Sat, Mar
8
2008

Driving Through a Winter Wonderland

Sat, Mar 8, 2008

03082008.jpg

(ducks!) +CRASH!!+

All right, who threw that?

Seriously, congrats to Dan who, while he has over forty rambunctious students in tow, still left yesterday to the warmth of Italy and Greece. Despite the students, I think there are a few people out there who’d willingly change places right now.

But, personally, I find this rather exciting. It’s an impressive amount of snow out there: the sort of storm we get to tell our grandchildren about, saying “why, in my day, the snow went up to our chins, and we had to trek to school in groups of ten, leaving hunks of meat in our wake to keep the wolves fed and off our tail.” Although you do know that it’s been a hefty winter when Ottawa is about to break a snow record. Why, in my grandfather’s day, I’m told they once accumulated sixteen feet of snow over the winter, and they dumped it all in Dow’s Lake and didn’t find the lake again until late that summer.

Kitchener is not close to setting a record, though we did have the snowiest February on record. We’re several inches away from our 1924 total, when over eight feet accumulated over the winter. Still, just like my aunts and uncles up in Ottawa, we’re running out of places to put this stuff.

Seriously, though, anybody who thinks that this storm disproves global warming is full of it, and is being as silly as those who point to Hurricane Katrina as proving global warming. These storms are still in the realm of normal. And, besides, I should note that these storms are Texas lows, coming up from the United States laden with moist Gulf air and dumping everything when it collides with our cool Arctic air. More typically, we receive Colorado lows, which are somewhat drier. Now, some people could ask: why on earth would we be pulling lows from further south this winter? Or, to put it another way, why is warmer, moister air trekking further north this season? Hmm?

We’re holed up indoors for the day and I’m about to go make my pulled pork recipe, which will slow cook on a bed of onions for the next six hours, filling up the house with warm smells. We stocked up on groceries last night to ensure that we wouldn’t have to drive, and now that we’re in a townhouse condo, somebody else will be responsible for shovelling our walk. I don’t envy those who have to travel (for the love of God, guys: STAY HOME!), but for me the only thing that would make this day better would be for it to be a Friday, and we all get to stay home from work.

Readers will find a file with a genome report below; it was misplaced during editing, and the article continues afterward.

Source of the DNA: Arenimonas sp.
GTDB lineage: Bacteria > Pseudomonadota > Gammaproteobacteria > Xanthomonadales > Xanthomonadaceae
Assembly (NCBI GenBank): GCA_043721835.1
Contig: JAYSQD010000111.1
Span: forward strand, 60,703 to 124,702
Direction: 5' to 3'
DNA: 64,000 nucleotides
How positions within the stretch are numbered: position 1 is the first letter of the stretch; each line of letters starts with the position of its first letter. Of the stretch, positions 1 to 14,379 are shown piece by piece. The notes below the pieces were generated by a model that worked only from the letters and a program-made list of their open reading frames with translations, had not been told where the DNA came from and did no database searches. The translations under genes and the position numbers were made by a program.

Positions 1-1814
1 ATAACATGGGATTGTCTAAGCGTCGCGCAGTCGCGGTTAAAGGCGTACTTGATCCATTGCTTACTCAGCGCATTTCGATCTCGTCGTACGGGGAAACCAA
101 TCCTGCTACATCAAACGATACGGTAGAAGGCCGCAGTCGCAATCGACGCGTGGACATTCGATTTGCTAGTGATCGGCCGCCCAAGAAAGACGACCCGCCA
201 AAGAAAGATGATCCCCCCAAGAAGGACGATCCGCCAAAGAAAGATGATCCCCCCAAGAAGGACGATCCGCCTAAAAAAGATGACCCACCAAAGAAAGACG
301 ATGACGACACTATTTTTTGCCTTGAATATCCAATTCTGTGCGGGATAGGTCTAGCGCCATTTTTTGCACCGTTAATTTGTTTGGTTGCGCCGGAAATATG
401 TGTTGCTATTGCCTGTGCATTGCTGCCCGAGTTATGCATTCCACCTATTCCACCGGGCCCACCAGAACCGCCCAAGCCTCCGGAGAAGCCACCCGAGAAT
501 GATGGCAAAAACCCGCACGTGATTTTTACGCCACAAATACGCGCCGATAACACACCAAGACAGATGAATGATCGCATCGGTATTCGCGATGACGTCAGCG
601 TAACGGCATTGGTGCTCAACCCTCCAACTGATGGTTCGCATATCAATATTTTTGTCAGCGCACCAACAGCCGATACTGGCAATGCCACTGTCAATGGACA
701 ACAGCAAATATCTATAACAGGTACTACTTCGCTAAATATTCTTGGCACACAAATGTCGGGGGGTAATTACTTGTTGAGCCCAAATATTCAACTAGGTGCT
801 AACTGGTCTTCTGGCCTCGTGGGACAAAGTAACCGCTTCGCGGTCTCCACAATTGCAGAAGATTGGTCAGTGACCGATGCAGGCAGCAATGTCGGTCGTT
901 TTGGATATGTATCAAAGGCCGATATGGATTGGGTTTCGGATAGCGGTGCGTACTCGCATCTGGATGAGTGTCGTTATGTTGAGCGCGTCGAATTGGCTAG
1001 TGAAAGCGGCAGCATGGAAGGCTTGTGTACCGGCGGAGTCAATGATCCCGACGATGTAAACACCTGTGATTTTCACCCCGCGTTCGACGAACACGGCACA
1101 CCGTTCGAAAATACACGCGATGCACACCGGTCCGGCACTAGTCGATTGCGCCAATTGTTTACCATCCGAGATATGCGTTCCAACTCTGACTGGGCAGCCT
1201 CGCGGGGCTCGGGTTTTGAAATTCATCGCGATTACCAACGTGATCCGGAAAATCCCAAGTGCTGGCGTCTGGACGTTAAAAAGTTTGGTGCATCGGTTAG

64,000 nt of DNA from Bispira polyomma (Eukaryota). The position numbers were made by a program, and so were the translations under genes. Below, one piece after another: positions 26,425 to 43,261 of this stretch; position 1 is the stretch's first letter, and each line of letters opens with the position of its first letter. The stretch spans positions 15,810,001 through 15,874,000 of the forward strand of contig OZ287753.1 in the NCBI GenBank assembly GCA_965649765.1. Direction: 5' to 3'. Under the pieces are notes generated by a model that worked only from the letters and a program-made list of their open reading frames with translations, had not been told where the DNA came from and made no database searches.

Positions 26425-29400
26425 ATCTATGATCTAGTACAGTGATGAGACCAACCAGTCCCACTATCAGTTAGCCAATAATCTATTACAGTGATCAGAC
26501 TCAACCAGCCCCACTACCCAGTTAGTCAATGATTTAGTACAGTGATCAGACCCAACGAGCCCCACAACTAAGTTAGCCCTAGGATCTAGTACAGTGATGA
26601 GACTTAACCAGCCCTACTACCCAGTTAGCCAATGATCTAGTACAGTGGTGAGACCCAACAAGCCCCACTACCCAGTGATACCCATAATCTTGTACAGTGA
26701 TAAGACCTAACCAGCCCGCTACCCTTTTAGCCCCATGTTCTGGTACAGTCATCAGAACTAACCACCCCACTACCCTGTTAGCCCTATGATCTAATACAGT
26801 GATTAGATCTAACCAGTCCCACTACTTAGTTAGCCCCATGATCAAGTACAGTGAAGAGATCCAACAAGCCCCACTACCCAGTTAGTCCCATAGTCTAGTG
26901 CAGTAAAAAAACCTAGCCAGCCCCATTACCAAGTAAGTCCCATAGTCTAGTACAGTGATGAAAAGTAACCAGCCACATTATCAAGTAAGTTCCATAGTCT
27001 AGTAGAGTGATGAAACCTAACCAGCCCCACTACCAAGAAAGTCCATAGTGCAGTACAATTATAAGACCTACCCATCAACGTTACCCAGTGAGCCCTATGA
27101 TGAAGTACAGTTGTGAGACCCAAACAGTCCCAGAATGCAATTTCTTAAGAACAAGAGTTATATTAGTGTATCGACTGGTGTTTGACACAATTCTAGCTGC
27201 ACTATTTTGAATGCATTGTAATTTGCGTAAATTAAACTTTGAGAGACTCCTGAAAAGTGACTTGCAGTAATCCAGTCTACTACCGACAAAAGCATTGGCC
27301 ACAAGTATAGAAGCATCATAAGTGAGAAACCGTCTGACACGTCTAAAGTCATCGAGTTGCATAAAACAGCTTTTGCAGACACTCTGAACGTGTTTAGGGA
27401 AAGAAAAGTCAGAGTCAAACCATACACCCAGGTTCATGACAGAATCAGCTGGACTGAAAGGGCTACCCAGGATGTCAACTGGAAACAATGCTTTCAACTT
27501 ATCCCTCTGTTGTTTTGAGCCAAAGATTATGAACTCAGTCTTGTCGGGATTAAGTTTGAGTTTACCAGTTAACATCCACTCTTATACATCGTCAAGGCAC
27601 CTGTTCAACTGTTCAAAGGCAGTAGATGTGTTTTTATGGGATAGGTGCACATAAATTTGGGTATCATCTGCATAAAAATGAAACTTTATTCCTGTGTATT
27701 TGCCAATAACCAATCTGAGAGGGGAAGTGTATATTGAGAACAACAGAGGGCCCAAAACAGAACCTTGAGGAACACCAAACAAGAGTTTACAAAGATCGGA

One minor inconvenience: the pharmacy we usually go to is closed today due to the weather conditions (read, the pharmacist couldn’t make it out of his driveway, probably). We’ll have to fill the prescription tomorrow or Monday. Fortunately, it’s no big thing.

I finished my second Science Solves It book commission late last night, on endangered plants and animals. It’s with my editor now and it remains to be seen whether he likes it or not. I have my fingers crossed. I’m still not quite used to writing in this genre, and the task was again not finding stuff to go into the book, but paring it all down to fit the 3500 word count. I have a tremendous respect, now, for those authors who know how to communicate to young readers in ways that are both interesting, accessible and informative. One of the tricks is to use words other than interesting, accessible and informative, but for me that’s easier said than done.

I have a third commission from a sister publication within that publisher. This editor is doing a series on Sports Science, and I now have until the beginning of April to write up 4000 words on the science of cycling, after which I hope to get a commission on the science of baseball. I’m not exactly sports inclined, but I do appreciate the physics involved in curve balls and aerodynamics.


Conversations With Vivian

Here’s a typical conversation that we can have with Vivian.

Us: Hello, Vivian. What’s your name?
Vivian: VIVI!!!
Us: And how old are you?
Vivian (holds up two fingers): TWO!!

Recently, my mother tried this variant.

Grandma: And how old is grandma?
Vivian (pauses to think, then holds up two fingers): TWO!!
Grandma (laughs): I can live with that.

Then, this morning, in the car, my father tried it as well.

Grandpa: And how old is ‘papa? (short for ‘grandpa’ —jb)
Vivian: Hmm… VERY!!!

I laughed. Fortunately, so did grandpa.


On This Day

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